Leighton Bryan is a rising actress who most recently understudied Scarlett Johansson in the Broadway revival of Cat on a Hot Tin Roof. Now Leighton is starring in M-34 Theatre's production of The Importance of Being Ernest Hemingway at Access Theater (380 Broadway at White Street) in NYC through September 1.
The Importance of Being Ernest Hemingway is a trivial comedy about pain, lies, violence and vengeance. Set in 1926 Paris with rugged Hemingway men in the roles of "Jack" and "Algy," this mash-up of texts from Oscar Wilde and Ernest Hemingway outs the gay romance in Wilde’s best-loved work and collides it with Hemingway’s impossible machismo, exposing both artists’ desperate search for an Ideal Masculinity. Click here for tickets!
1. Who or what inspired you to become a performer? My mom. From the get-go, she exposed me to people with passion – Mozart, Van Morrison, The Beatles, Meryl Streep, Carol Burnett, Carly Simon. We did a lot of traveling back then, so we’d watch people walk by our gate in the airport and mimic their dialects, make up stories about them, even walk like them through the terminal…She stretched my brain out, and my imagination.
2. Who haven't you worked with that you would like to? Mozart, Van Morrison, The Beatles, Meryl Streep, Carol Burnett, Carly Simon, and people in airports. Mark Rylance too. But that’s kind of like saying Mozart twice.
3. What attracted you to The Importance of Being Ernest Hemingway? The play is doing a pretty daring thing, combining these two writers, and "outing" a gay romance between "Jack" and "Algernon." I like that it sounds totally incongruous. But the moment you dive in, you see that both Wilde and Hemingway were searching for their own ideal – that their characters are doing the same thing – that we all are doing that. So then it becomes really simple and human. James always talks about how he’s fascinated by Baroque – I think the play is too: These things that seem really dissonant, and flourished, and intricate at first glance are actually bringing out an ordered, natural, and universal core. I think that’s sexy. And fun.
4. What do you identify most with about your character, "Laetitia Prism?" Hah! Well, like a lot of funny characters, she’s been through a hell of sorts. She’s spent years escaping from it – trying to re-do it so that it’ll suddenly, magically, have not happened to her at all. I did that once for a few years, and it was miserable. Things don’t get pleasant with her – or at least true – until she deals with her own hell.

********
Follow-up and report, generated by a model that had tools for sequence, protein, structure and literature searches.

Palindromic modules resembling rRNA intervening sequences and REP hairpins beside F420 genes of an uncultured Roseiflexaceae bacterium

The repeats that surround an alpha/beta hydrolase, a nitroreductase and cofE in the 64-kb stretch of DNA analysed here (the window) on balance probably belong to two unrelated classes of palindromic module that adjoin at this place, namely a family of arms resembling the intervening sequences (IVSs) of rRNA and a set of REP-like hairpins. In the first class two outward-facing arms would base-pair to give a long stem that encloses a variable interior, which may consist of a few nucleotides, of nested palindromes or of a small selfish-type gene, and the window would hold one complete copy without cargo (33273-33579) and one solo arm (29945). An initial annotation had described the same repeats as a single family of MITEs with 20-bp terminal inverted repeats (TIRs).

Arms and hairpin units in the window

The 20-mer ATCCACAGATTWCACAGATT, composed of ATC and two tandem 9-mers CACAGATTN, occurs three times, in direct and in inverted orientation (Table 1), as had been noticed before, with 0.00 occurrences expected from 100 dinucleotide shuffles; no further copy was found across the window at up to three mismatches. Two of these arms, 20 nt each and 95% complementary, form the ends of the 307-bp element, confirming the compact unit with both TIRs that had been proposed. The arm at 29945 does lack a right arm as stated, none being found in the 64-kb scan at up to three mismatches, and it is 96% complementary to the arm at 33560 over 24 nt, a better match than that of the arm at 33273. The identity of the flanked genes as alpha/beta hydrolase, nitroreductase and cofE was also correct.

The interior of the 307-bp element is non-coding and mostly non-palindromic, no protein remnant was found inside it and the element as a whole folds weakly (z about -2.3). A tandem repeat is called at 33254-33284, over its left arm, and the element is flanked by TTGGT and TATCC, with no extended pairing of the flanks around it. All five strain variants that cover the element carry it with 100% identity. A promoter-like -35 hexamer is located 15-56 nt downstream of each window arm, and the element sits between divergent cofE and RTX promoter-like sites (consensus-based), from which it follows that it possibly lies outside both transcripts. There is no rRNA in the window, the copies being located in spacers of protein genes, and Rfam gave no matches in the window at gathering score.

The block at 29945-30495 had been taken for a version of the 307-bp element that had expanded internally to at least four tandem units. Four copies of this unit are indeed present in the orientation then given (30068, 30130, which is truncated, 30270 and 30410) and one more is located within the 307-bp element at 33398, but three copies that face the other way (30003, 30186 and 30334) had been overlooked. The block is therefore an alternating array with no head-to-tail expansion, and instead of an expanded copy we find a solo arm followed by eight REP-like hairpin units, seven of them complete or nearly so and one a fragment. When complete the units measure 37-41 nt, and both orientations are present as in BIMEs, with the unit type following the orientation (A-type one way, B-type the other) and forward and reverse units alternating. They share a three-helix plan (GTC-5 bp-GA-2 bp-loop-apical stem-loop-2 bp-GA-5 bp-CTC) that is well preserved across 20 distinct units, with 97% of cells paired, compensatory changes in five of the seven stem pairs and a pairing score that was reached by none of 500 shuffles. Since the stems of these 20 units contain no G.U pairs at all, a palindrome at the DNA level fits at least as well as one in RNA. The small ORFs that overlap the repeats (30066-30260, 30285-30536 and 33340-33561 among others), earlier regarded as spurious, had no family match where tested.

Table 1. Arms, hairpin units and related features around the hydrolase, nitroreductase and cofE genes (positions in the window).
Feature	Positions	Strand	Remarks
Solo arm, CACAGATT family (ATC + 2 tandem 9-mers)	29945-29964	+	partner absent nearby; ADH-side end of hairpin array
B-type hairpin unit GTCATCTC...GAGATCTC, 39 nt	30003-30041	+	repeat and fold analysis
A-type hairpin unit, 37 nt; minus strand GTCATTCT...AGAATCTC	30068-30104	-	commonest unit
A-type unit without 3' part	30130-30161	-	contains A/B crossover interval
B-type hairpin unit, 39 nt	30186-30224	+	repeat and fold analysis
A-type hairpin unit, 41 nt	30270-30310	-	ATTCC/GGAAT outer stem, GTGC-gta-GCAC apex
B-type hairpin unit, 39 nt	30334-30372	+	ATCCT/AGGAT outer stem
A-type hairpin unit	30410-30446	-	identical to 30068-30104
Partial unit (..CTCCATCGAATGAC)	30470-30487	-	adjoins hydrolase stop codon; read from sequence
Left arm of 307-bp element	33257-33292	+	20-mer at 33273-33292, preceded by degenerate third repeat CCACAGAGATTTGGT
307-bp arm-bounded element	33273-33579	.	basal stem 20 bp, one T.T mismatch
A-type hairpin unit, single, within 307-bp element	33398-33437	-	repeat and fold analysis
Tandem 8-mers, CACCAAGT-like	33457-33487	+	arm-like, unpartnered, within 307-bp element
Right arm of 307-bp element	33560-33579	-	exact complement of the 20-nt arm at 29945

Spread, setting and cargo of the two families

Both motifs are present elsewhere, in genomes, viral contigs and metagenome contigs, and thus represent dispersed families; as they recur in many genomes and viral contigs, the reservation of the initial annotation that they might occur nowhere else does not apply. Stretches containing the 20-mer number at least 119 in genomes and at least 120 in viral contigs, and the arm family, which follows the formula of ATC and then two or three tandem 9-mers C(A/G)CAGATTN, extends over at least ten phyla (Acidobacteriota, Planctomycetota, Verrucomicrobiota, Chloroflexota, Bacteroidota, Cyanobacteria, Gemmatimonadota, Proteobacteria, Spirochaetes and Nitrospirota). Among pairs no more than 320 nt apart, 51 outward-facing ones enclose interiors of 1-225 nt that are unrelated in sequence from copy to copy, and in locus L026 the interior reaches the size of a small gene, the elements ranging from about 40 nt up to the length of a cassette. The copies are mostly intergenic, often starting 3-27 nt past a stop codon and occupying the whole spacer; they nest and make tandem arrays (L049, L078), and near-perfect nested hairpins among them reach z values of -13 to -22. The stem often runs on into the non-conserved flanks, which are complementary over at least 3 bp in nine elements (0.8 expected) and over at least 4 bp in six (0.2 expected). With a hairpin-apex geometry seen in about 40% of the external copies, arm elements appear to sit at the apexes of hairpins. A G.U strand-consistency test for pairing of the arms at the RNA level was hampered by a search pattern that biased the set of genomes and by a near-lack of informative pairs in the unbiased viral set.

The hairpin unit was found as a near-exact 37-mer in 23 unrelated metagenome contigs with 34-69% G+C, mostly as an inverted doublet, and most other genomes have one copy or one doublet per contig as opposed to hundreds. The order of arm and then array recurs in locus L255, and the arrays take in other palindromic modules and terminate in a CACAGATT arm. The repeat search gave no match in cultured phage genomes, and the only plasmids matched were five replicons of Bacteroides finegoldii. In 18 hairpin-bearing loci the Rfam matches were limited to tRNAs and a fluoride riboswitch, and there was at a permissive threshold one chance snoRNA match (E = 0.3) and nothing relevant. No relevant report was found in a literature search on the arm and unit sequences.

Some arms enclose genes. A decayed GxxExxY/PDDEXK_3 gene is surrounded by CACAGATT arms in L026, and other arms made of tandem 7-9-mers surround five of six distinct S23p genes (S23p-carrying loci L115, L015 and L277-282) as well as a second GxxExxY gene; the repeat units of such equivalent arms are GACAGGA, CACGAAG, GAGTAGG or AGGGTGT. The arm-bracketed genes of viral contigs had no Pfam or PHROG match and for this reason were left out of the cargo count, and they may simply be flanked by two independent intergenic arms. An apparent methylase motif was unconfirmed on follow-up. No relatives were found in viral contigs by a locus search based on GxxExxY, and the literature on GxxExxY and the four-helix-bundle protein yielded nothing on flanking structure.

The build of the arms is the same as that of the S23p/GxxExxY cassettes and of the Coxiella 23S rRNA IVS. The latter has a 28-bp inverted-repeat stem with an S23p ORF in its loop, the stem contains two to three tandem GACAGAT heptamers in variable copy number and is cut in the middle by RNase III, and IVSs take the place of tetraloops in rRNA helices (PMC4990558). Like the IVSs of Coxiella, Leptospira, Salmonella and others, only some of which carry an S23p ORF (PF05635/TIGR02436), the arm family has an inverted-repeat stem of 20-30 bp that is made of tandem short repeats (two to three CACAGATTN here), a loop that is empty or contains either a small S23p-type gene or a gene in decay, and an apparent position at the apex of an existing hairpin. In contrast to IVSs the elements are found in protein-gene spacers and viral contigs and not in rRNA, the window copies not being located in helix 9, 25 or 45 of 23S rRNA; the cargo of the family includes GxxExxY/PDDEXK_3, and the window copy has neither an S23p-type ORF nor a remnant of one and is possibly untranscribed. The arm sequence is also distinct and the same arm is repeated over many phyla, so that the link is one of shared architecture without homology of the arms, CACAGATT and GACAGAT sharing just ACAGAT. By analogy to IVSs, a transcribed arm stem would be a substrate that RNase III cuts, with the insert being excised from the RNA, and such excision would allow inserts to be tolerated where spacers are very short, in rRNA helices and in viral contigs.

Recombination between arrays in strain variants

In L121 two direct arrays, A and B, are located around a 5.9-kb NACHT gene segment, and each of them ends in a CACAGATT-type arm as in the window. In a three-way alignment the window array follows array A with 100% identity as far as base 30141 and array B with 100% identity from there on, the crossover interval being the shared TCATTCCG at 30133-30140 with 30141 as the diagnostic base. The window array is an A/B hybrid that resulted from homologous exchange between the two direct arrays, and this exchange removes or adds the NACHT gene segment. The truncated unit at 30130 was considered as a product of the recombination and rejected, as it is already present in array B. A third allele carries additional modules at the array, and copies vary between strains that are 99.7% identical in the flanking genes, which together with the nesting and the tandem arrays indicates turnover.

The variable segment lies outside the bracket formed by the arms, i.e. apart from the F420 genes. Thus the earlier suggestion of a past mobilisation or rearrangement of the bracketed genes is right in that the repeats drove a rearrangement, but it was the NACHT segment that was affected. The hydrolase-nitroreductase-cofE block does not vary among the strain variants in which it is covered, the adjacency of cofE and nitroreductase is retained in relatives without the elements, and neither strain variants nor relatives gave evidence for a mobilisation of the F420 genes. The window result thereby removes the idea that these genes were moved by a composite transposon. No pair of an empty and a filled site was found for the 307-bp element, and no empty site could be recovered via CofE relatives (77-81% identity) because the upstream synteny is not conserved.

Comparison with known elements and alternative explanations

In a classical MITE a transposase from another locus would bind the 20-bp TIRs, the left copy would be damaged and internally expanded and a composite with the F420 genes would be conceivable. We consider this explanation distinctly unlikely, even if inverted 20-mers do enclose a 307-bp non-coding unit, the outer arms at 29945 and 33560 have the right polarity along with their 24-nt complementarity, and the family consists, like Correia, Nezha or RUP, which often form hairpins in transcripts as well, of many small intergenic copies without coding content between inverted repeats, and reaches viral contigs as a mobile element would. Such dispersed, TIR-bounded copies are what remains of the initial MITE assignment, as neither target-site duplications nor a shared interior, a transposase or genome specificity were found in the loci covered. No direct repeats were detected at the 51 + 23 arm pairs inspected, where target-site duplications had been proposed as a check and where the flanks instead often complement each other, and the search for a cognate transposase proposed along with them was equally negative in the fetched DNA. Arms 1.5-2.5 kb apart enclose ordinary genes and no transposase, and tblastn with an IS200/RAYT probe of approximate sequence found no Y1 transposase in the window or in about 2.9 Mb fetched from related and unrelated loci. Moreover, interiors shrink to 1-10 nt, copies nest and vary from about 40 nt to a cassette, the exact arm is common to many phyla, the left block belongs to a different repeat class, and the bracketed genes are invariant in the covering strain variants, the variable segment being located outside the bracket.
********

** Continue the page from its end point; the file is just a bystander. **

5. What do you hope audiences come away with after seeing the show? I always want people to have felt something or been driven to think in a new way. To me, that’s what "good" is. It’s really not relevant whether I "like" something or not, as long as I’m a little more human than I was 2 hours before. I LOVE watching the scenes I’m not in in this show, because these insanely talented actors make that happen! So that’d be a success, for me – if our audiences leave at least a little surprised by their own humanity.
6. What do you like about working with James Rutherford and Elliot B. Quick? They’re jolly and so smart, and they have such care for this work. I honestly still have no idea who our director(s) are/is, or if we have any, because they work so seamlessly together and just want to get this thing on its feet in the richest way they can. They’re passionate, passionate smartasses and happen to be two of my favorite people on the planet.
7. You were in the most recent revival of Cat on a Hot Tin Roof, understudying Scarlett Johansson. What was this experience like...To be so young and to have the opportunity to understudy one of Hollywood's biggest names? After the initial start-struckness of meeting her, it was surprisingly normal! (Except for actually performing it for the first time – that was absolutely surreal). She’s a very driven actor, and I had so much respect for what a pro she was while working on "Maggie" that each run became another wonderful day in the "office." It was fascinating to see the techniques she used to fight for this woman, and to watch her open herself up to that ferocious vulnerability every night. I have a lot of gratitude for modern young women playing titanic roles, especially when they draw as large a following as Scarlett does. It’s the opposite of what reality-tv culture is grooming us, the 20-something-yr-old women, to be, and we need a stronger balance in that direction.
8. What have you learned about yourself from being a performer? So far, that I’m actually living life when I’m actively and intentionally doing things that grow me and (often, consequently) terrify me.
9. What's the best advice you've ever received? "Breathe now." Still working on that one.
10. If you could have any super power, which one would you choose? Time traveling! Is that a super-power? I mean I’m pretty sure that’s why I got into acting in the first place. Or maybe Insta-Healing. Like, Powder-style. I should probably just take some Reiki classes.
More on Leighton: Leighton lived, acted and raised a kitten with a lot of these crazy folks in a giant undergrad house at Brown. She's a recent alum of NYU's Graduate Acting program. Broadway: Cat on a Hot Tin Roof, Margaret/Mae understudy (performed); Easter Bonnet 2013. Regional: Present Laughter, Joanna (Two River Theater). NYU: Safeword (dir. Tea Alagic), Henry Box Brown Play (dir. Mark Wing-Davey), Orpheus Descending (dir. Tazewell Thompson), The Emperor Antony (dir. Victor Pappas), Ruby Sunrise (dir. Pamela Berlin), Macbeth (dir. Janet Zarisch), The Rivals (dir. Alex Harvey), Dabda, PA (co-created with Rachel Mewbron, Colin Baker, Brendan Titley). RADA: Death of Kings (dir. John Adams). Brown University (undergrad): Much Ado About Nothing, City of Angels, You're a Good Man, Charlie Brown, Psyche.